My being here it is, that holds thee hence :
Shall I stay here to do't ? no, no, although
The air of paradise did fan the house,
And angels offic'd all: I will be gone;
That pitiful rumour may report my flight,
To consolate thine ear. Come, night; end, day!
For, with the dark, poor thief, I'll steal away.

(Exit.

“_ rove the still-piecing air.” i. e. “ fly at random through.” The allusion is to shooting at rovers in archery, which was shooting without any particular aim.

TYRWHITT. Mr. Tyrwhitt's reading destroys the designed antithesis between move and still ; nor is he correct in his definition of roving, which is not shooting without a particular aim, but at marks of uncertain lengths. Douce.

8 the Ravin lion--] i. e. the ravenous or ravening lion. To ravin is to swallow voraciously. Malone.

See Macbeth, Act IV. Sc. I. STEEVENS.

9 Whence honour but of danger, &c.] The sense is, from that abode, where all the advantages that honour usually reaps from the danger it rushes upon, is only a scar in testimony of its bravery, as, on the other hand, it often is the cause of losing all, even life itself. HEATH.

SCENE III.

g fortune. Sir, it is but yet

Florence. Before the Duke’s Palace. Flourish. Enter the Duke of Florence, BERTRAM,

Lords, Officers, Soldiers, and others. Duke. The general of our horse thou art; and

we, Great in our hope, lay our best love and credence, Upon thy promising fortune.

BER.
A charge too heavy for my strength; but yet
We'll strive to bear it for your worthy sake,
To the extreme edge of hazard'.
DUKE.

Then go thou forth;
And fortune play upon thy prosperous helm,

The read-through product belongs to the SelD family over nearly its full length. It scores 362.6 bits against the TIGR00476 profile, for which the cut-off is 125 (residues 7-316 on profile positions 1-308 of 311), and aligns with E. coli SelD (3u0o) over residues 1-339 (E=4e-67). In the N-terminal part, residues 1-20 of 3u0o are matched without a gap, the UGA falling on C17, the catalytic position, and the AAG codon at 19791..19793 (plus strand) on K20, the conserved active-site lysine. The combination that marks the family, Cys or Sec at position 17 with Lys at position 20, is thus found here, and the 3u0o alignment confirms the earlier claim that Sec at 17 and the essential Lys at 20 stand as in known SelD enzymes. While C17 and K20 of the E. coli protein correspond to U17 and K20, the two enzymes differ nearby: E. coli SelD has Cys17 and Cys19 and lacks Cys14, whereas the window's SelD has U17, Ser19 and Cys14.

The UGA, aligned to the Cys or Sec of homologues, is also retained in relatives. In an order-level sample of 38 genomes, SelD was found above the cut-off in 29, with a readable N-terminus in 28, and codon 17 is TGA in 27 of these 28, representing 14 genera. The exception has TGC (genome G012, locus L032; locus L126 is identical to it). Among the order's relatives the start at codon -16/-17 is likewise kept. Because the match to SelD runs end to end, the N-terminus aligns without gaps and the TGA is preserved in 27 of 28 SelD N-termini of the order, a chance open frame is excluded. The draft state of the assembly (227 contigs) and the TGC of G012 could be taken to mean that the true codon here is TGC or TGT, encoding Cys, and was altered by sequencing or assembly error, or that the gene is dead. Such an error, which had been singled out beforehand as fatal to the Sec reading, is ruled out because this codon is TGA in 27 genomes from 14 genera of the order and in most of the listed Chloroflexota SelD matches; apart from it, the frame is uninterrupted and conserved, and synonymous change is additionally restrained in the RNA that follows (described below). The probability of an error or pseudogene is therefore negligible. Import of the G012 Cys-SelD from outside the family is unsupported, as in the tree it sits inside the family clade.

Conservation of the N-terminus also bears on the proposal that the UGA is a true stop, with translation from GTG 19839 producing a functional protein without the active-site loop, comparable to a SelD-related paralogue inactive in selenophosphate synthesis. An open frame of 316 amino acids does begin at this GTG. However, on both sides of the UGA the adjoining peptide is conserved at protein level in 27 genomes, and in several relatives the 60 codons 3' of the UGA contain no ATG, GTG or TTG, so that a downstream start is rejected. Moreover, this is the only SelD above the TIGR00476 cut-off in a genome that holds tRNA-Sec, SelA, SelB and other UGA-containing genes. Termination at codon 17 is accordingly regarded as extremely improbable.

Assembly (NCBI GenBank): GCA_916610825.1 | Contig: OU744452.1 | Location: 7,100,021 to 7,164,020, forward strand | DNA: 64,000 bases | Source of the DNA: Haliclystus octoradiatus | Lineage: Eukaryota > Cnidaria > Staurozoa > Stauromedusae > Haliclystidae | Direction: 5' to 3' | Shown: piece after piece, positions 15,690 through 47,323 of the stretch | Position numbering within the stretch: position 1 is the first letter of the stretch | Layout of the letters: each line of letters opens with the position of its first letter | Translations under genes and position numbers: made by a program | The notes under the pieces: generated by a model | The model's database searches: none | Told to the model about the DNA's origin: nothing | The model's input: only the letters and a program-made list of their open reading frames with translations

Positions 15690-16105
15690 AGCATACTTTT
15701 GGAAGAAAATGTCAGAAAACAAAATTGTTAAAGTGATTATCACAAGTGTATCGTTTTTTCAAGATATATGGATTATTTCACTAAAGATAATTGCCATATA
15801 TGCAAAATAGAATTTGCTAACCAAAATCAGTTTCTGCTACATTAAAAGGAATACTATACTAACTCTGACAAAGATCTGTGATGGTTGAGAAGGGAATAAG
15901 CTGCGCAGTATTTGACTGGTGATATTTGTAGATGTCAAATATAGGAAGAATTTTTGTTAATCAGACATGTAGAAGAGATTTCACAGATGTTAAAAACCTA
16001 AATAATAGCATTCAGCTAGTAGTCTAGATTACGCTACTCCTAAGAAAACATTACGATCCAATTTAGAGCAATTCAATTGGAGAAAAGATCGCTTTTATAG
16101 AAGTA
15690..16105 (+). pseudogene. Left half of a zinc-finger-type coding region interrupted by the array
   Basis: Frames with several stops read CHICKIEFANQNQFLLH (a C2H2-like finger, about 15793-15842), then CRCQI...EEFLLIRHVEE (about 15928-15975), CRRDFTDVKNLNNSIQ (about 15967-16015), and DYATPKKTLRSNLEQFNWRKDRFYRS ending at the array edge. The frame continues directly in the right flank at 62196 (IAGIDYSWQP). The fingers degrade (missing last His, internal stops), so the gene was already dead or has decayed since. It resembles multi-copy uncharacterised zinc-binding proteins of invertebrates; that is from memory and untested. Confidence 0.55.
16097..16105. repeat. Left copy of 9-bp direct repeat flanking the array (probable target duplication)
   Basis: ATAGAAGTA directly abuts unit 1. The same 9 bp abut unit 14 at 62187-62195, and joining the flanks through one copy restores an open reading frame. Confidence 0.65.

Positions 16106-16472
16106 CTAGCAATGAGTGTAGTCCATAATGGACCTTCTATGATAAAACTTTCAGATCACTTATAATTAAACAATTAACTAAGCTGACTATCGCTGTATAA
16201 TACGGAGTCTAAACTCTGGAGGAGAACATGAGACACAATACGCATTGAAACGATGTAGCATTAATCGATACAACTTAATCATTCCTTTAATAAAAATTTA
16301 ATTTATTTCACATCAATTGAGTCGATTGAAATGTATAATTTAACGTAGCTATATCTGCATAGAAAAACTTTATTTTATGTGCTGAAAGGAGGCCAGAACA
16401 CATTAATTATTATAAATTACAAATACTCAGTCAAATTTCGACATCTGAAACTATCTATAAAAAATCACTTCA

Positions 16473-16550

As thy auspicious mistress !
Ber.

This very day, Great Mars, I put myself into thy file : Make me but like my thoughts; and I shall prove A lover of thy drum, hater of love. [Exeunt.

* We'll strive to bear it for your worthy sake,

To the extreme edge of hazard.] So, in our author's 116th Sonnet:

“ But bears it out even to the edge of doom." MALONE. Milton has borrowed this expression, Par. Reg. b. i. :

“ You see our danger on the utmost edge

Of hazard.” STEEVENS. 2 And FORTUNE PLAY upon thy prosperous helm,] So, in King Richard III. :

Fortune and victory sit on thy helm ! Again, in King John :

“ And victory with little loss doth play
“ Upon the dancing banners of the French.” STEEVENS.

SCENE IV.

Rousillon.

A Room in the Countess's Palace.

Enter Countess and Steward.
Count. Alas! and would you take the letter of

her ? Might you not know, she would do as she has done, By sending me a letter ? Read it again.

STEW. I am Saint Jaques' pilgrim,' thither gone ;

Ambitious love hath so in me offended, That bare-foot plod I the cold ground upon,

With fainted vow my faults to have amended. Write, write, that, from the bloody course of war,

My dearest master, your dear son may hie; Bless him at home in peace, whilst I from far,

His name with zealous fervour sanctify: His taken labours bid him me forgive;

1, his despiteful Juno4, sent him forth From courtly friends, with camping foes to live,

Where death and danger dog the heels of worth: He is too good and fair for Death and me; Whom I myself embrace, to set him free. Count. Ah, what sharp stings are in her mildest

words !-

3 — Saint Jaques' pilgrim,] I do not remember any place famous for pilgrimages consecrated in Italy to St. James, but it is common to visit St. James of Compostella, in Spain. Another saint might easily have been found, Florence being somewhat out of the road from Rousillon to Compostella. JOHNSON.

From Dr. Heylin's France Painted to the Life, 8vo. 1656, p. 270, 276, we learn that at Orleans was a church dedicated to St. Jacques, to which Pilgrims formerly used to resort, to adore a part of the cross pretended to be found there. Reed.

4 - Juno,] Alluding to the story of Hercules. Johnson.